Quality of Life in Sydney, Australia

Purchasing Power Index 82.24   Moderate
Safety Index 65.64   High
Health Care Index 72.52   High
Climate Index 97.07   Very High
Cost of Living Index 77.59   High
Property Price to Income Ratio 16.48   Very High
Traffic Commute Time Index 46.35   High
Pollution Index 30.87   Low
ƒ Quality of Life Index: 159.09   High

Minimum contributors for an underlying section: 228

Maximum contributors for an underlying section: 903

Last update: September 2023

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8 Comments so far
Kevin on Apr 19, 2023:
Sorry to say... Sydney became extremely unaffordable, and i make above average.
Dev on Apr 21, 2021:
Sydney is quite convenient because of network of metro train and the train stations are very close to malls and shopping area of the suburbs.Suburbs are self contained such that you can get all amenities in the suburb itself.
Sydney CBD is very nice and beautiful with parks and many food options.
Nightlife is quite bad.maybe because of the gay culture..lot happens underground and lot of large drug busts happening regularly.
Weather is great and many nationalities can be seen.some suburbs are full of certain nationality..but not much of problems.
It is a pleasant place and generally lifes good
Anonymous on Apr 06, 2021:
My name is Mia Fai. I'm 12 years old and in grade 6- middle school. I was born in Australia.
Anonymous on Feb 21, 2021:
Some of my family live in Sydney, and we go there almost every year. It's always sunny and warm and the beaches are beautiful. My family members are always going out with friends and having a great time. I'm not sure what part of Sydney you guys have been too but where I go everyone is always friendly and kind and it is a great place to be.
Andy on Feb 04, 2021:
Can confirm, a lot of my white friends blame China for the COVID virus and ask me if Chinese eat dogs, even though I was born and raised in Sydney.

Media plays a part in the negative feelings towards Asian Australians.
Patty on Dec 19, 2020:
As someone from Europe don't expect Sydney to have what European cities have, deep culture. It just isn't there. They have some lovely beaches and the centre around the harbour bridge and "the rocks" area is nice but outside of the city centre are quite dull, boring and pretty soulless suburbs. Just houses and more houses with nowhere to go. I keep asking people what they do in the evenings and all they say is "stay home and drink". I'm so desperate to leave. Traffic and the amount of cars on the road (not to mention the driving) is pretty awful and dangerous. And i'm so freaked out at how people all stare at their mobile phones in a robotic way. I've never seen so many school kids all staring at their mobile phones while sitting next to each other, so sad. It's Christmas and there are almost no Christmas decorations around, just no atmosphere making it feel special. I could go on...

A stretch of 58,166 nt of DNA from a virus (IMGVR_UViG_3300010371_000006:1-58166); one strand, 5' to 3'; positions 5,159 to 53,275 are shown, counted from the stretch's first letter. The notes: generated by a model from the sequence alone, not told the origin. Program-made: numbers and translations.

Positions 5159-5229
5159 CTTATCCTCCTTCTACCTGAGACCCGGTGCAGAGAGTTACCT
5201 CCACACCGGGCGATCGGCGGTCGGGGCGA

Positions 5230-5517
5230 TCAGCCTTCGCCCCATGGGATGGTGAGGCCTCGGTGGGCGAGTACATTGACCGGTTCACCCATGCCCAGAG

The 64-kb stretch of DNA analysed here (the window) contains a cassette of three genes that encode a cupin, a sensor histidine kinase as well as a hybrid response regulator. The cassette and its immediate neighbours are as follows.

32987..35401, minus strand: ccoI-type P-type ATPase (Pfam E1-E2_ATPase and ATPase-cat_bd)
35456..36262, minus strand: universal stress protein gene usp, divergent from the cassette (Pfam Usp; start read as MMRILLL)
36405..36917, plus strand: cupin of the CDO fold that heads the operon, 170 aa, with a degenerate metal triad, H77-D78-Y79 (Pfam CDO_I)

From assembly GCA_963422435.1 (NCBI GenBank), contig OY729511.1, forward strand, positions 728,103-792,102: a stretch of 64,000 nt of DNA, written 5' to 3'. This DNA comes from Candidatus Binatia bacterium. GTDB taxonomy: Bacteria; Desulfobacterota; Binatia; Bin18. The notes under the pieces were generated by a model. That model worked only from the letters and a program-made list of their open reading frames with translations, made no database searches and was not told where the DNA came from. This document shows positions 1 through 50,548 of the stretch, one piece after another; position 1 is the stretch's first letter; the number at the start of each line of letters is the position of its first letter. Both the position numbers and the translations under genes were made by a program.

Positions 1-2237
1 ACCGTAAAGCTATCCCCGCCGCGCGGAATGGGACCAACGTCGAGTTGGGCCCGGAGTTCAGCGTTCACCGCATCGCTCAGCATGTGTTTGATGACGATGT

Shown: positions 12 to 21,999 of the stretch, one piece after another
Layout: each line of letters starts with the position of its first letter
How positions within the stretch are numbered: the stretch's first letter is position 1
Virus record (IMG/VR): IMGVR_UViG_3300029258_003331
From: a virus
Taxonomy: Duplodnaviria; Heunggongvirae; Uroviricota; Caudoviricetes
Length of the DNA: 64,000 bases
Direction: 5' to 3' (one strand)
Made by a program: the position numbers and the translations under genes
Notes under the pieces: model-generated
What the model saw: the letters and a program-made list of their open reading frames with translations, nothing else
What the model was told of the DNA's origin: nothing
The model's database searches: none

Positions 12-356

To balance it out i'll try and mention some positives...food in the cafes is generally good standard though can be expensive. The beaches are lovely although as I said getting to them through the traffic is not fun at all. All in all, I would prefer a smaller sized city in Australia like Perth (yes I said Perth) or Adelaide but realistically Australia feels like living at the end of the word and isn't well enough connected which again you really feel when talking to the people. Their lives seem to completely revolve around family because there is literally nothing else.
Tony Moroney on Feb 02, 2020:
I grew up in Sydney ,like my parents and their parents and their parents. We can never afford to live there anymore. Great to spend a few days but if you're looking for the real traditional Australia its not here anymore.
There are still some buildings and structures to look at but its like going to the Acropolis in Greece. The people who built the place are gone.
Arthur Watts on Dec 22, 2019:
I grew up in the Western suburbs of Sydney (Westmead) way back in the 70s, got out in the mid 80s and have only been back as a tourist in the years since. Its a great city for tourists who want to see all the icons - the harbour is genuinely brilliant on a nice day - but I suspect that many Sydneysiders are 'just getting by' from one month to the next. Unless you are taking home more than 200K (AUD) a year, life is unlikely to match the tourist brochures. 200K is not an unreasonable figure for many couples working in Sydney, but well in excess of what many are forced to live on - its one of those cities where you can be earning a hundred K and still struggle to get a home loan. Average salaries in Sydney and Melbourne are considerably higher than the rest of the country, but so are rents. Everything else - crime, homelessness, mental illness - has skyrocketed in the last 20 years but on balance I still prefer Sydney over Melbourne as a tourist destination (I'd reverse that recommendation for foodies, nightlife addicts and culture vultures).

In terms of warnings, I dont think its a good idea for women to walk alone in any of our cities at night - some will say that's just media hysteria, but we have an appalling record of drunken violence (against both sexes). We didnt have to contend with ice or roid rage in the 70s but I expect that wont be news to any resident of a big city virtually anywhere in the world. Be safe.

I still think its a great destination for 3-7 days, but we need to somehow reverse the tide of people who choose to live in one of our three biggest cities while the regional towns suffer. Hope this helps.